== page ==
It’s too late Josh, that south side BP post has convinced me they need to go hard after both Machado and Harper with the goal of signing both of them. You add effectively 10 WAR to your roster in their primes and enable your surplus of prospects to act as fill in pieces to complement the roster.  You don’t need any of them to become superstars because you’ve already got 2 of them. You can also use your surplus prospect depth to patch holes via trade if needed.

If Moncada, Jimenez, Kopech, and Cease reach their potential you’ve got a WS contender for 6 years. If they don’t you’ve still got a consistent playoff team. 

I see no reason why the Sox couldn’t match Pnoles 10 for 350 number for both of them. 

DeepDish
Member

I don’t think committing $70-$80 million per year to 2 players would be a smart move for the club. We still have too many question marks on the pitching staff and we don’t know what the future holds for C, 1B or CF. Hopefully the prospects develop at C and CF but no certainty. And if they don’t, we won’t have much flexibility to fix it.

I say sign one, leaning Harper for now, then use some of those OF prospects in trades. Move Moncada over to 3B, as his quick twitch athleticism does seem like a better fit for that position, and see if Moncada and Madigal can pan out. Signing Harper would allow us to trade from the deepest position in our farm system for MLB ready pieces to fill in the last holes of our line up.

NateDPT12
Member
NateDPT12

That’s a fair point and I think we both agree they need to add at least 70M in payroll for 2019. The question is whether that’s spent best on Machado and Harper or something like Machado/Harper, Eovaldi, Familia etc. 

I do think that signing Harper and Machado would be provide such a surplus of positive media for the Sox that you’re likely increasing revenues and exposure to the point that topping out at 127M payroll like with the 2011 team. So that 70M on two players wouldn’t be as restrictive. Signing two superstars like that completely changes the perception of the organization overnight. 

Either way, the more superstars you have in the fold the less pressure there is on players like Moncada, Jimenez, Kopech, and Cease to be saviors. They become complimentary pieces with tremendous upside.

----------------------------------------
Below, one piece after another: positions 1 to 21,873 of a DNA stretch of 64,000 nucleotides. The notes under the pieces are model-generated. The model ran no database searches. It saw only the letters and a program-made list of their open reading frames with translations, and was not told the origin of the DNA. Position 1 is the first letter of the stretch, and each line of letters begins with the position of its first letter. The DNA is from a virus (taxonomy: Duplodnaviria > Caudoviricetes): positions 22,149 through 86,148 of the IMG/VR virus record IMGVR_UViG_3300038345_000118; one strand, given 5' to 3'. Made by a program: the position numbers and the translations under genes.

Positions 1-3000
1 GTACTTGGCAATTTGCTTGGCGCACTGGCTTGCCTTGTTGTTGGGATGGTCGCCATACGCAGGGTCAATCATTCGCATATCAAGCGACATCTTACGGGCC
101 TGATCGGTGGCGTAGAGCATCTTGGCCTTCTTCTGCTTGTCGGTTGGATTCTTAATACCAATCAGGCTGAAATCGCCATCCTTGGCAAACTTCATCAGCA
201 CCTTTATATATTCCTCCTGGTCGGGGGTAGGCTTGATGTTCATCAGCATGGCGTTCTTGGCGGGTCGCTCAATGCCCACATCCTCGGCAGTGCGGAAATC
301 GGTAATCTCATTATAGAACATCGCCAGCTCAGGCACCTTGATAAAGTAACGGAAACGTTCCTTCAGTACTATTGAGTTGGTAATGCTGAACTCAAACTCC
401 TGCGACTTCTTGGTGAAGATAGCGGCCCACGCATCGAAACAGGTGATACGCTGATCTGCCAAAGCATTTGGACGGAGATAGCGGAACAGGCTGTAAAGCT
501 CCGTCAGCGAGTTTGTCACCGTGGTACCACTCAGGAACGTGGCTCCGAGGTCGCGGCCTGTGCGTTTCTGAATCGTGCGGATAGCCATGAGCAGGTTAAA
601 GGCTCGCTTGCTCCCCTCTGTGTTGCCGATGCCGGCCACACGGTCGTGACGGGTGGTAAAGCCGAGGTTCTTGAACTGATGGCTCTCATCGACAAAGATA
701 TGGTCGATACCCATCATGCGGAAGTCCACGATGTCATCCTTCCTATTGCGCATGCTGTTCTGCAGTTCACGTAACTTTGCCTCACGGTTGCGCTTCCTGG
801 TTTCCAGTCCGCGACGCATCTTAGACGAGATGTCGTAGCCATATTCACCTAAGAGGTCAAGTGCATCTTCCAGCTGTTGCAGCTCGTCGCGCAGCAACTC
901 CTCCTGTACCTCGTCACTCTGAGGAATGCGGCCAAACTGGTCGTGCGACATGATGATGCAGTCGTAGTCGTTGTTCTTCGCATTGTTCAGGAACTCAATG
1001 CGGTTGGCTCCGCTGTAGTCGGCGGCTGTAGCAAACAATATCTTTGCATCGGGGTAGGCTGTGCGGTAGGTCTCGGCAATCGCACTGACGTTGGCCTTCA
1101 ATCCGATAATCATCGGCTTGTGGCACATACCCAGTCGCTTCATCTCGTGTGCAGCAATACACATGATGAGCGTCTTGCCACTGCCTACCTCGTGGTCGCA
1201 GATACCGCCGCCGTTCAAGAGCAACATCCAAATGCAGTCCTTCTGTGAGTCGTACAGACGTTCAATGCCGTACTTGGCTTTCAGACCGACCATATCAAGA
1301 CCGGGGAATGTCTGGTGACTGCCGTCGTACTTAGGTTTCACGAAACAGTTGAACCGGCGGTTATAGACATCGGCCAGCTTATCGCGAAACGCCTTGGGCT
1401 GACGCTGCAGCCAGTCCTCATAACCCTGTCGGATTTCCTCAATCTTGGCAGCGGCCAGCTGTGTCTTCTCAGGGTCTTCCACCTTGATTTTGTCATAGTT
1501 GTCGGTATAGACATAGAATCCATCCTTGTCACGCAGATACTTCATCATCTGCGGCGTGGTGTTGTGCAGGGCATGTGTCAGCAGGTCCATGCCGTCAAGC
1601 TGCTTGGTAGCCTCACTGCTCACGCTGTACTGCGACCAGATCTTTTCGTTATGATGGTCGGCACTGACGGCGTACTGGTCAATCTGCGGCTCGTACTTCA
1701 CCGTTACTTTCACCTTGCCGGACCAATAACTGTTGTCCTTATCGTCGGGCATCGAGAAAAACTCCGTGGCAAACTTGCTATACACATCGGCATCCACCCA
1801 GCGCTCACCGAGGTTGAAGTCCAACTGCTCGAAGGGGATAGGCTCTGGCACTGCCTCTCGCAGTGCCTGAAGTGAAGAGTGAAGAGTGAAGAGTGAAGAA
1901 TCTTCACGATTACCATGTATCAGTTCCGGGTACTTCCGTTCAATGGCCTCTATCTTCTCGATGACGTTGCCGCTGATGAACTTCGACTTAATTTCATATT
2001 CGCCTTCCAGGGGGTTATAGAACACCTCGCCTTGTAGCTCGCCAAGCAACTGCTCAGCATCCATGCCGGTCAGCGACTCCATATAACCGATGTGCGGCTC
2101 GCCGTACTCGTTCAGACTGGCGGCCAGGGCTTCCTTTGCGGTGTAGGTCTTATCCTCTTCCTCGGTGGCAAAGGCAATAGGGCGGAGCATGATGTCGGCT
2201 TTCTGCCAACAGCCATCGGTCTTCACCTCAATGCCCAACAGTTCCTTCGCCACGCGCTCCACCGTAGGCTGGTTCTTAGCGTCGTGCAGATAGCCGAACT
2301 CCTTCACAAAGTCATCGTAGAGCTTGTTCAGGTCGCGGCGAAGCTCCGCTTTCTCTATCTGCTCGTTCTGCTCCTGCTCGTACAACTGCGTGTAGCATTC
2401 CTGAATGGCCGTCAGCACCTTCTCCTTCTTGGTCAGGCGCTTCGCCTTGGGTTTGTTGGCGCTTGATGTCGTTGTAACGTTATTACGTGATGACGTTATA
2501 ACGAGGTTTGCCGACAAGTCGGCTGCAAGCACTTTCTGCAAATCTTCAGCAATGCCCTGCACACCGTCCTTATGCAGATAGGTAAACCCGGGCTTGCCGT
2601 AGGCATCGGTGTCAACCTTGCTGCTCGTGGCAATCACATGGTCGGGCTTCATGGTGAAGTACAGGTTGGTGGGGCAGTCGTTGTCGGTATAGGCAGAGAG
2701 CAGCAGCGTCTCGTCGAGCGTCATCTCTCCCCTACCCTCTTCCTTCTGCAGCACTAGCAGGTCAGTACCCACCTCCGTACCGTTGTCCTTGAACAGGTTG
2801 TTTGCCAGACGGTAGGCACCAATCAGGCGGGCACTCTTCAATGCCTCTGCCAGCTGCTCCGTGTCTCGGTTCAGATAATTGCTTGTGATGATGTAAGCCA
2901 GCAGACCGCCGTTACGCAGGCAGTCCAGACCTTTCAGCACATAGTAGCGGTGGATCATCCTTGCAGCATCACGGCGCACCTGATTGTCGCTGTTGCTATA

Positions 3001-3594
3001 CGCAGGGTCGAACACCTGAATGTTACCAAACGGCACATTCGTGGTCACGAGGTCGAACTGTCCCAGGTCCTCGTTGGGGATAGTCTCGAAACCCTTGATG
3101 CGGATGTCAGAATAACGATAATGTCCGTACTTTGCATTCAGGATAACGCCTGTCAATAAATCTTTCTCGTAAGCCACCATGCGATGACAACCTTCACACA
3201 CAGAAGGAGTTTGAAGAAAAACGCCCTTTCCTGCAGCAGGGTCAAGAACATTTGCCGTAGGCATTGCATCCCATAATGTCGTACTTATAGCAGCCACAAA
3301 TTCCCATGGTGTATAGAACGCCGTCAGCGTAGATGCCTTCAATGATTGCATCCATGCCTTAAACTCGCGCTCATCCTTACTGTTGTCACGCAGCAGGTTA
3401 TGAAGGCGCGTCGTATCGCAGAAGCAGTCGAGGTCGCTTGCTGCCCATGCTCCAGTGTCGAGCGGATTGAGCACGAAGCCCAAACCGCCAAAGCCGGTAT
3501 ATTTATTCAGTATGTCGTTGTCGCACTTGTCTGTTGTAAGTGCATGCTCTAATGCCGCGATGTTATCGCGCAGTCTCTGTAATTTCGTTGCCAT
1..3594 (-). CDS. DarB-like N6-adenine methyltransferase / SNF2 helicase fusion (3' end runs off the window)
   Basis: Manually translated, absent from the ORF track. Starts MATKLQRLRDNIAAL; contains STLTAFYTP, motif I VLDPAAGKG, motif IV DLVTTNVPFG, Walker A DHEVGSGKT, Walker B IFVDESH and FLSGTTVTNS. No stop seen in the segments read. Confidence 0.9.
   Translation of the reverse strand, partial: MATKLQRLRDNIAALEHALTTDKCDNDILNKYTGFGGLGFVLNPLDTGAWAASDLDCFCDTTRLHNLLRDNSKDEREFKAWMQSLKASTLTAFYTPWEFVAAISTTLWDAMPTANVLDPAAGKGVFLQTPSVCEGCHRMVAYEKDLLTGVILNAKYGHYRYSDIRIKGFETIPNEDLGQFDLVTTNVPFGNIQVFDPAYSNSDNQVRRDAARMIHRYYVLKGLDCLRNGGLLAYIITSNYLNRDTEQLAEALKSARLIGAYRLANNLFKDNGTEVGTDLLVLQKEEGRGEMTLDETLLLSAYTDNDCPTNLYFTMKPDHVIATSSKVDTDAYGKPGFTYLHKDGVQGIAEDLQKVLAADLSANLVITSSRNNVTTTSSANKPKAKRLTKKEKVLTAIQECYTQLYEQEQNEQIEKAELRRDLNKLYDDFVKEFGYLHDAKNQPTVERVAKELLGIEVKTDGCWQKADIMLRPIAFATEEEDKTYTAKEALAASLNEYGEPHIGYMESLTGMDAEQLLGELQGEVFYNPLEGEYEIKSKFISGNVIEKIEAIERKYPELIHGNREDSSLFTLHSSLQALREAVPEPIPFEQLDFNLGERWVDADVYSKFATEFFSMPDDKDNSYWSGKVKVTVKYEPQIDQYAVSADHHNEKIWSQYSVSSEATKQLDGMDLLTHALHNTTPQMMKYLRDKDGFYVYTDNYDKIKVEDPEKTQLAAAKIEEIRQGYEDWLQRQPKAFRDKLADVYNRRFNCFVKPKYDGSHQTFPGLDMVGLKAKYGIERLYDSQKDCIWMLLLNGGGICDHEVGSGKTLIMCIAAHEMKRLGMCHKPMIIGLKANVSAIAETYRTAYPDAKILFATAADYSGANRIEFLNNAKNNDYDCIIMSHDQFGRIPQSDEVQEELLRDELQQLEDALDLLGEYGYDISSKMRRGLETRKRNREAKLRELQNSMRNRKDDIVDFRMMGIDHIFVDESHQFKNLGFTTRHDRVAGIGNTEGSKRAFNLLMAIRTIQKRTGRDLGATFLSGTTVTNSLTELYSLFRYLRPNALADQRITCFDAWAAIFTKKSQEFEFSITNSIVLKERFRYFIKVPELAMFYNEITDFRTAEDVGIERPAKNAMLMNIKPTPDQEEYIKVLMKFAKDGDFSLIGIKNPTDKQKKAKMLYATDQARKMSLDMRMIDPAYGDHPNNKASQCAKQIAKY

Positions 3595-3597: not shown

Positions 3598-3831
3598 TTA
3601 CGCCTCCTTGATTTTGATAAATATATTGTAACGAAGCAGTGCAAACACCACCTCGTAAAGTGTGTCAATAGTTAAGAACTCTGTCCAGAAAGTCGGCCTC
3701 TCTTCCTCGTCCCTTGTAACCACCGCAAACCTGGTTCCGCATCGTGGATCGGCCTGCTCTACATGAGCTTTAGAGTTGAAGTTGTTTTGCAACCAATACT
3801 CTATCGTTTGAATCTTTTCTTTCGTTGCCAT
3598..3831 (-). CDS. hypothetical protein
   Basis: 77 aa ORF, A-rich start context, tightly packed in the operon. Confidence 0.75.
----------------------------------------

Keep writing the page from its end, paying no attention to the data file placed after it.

Jer-in-Az
Member

See: Bregman, Alex

roke1960
Member

I really believe the Sox will sign one of Machado/Harper. As great as it would be to have both, I think using that other money to sign Corbin or Eovaldi, a stud relief pitcher, and another bat would be a better use of resources. Then use Madrigal and some of the outfield depth to get Merrifield from KC. Now you’re talking about a contender in the Central!

dwjm3
Member
dwjm3

The amount of goodwill they can build by finally signing a tier 1 free agent is enormous

roke1960
Member

Absolutely. Can you imagine the ticket sales that would happen after they announce one of those signings?

lil jimmy
Member
lil jimmy

White Sox did a lot better here than MLB Rumors. Sign them all,I say.

As Cirensica
Member

Pnoles, how does the signing of Happ and McCutchen fit into the rebuilding process? They, alone, won’t make the White Sox contenders…please don’t bring the “White Sox will pursue Arenado next year” when that might not even be possible.

I would love to see McCutchen here (Tired of the crappy OF we ride everyday), but he and Happ are old. Tying big money to old players early on the window of contention can’t be good.

This is what I predict the White Sox will sign. They will sign Machado. If they don’t, they should just not spend anything this year other than one year contracts, maybe 2 years. Having Harper is nice, but this team has a plethora of outfielders, unless Hahn plans to trade some of them, having Harper means we have just one OF opening, and he better bring the leather because with Harper and Eloy, our defense is gonna be bad.

Only Machado makes long term sense to this team. Even if he is the only one we sign. If Hahn fails to sign him, he should resign.

dwjm3
Member
dwjm3

“Only Machado makes long term sense to this team. Even if he is the only one we sign. If Hahn fails to sign him, he should resign.“

I believe not landing any tier 1 free agents would be a failure but you can’t say a GM should resign if he doesn’t get a specific player.  If Machado doesn’t want to be here Hahn can’t necessarily change is mind, that is why you have to cast a wide net and go after both.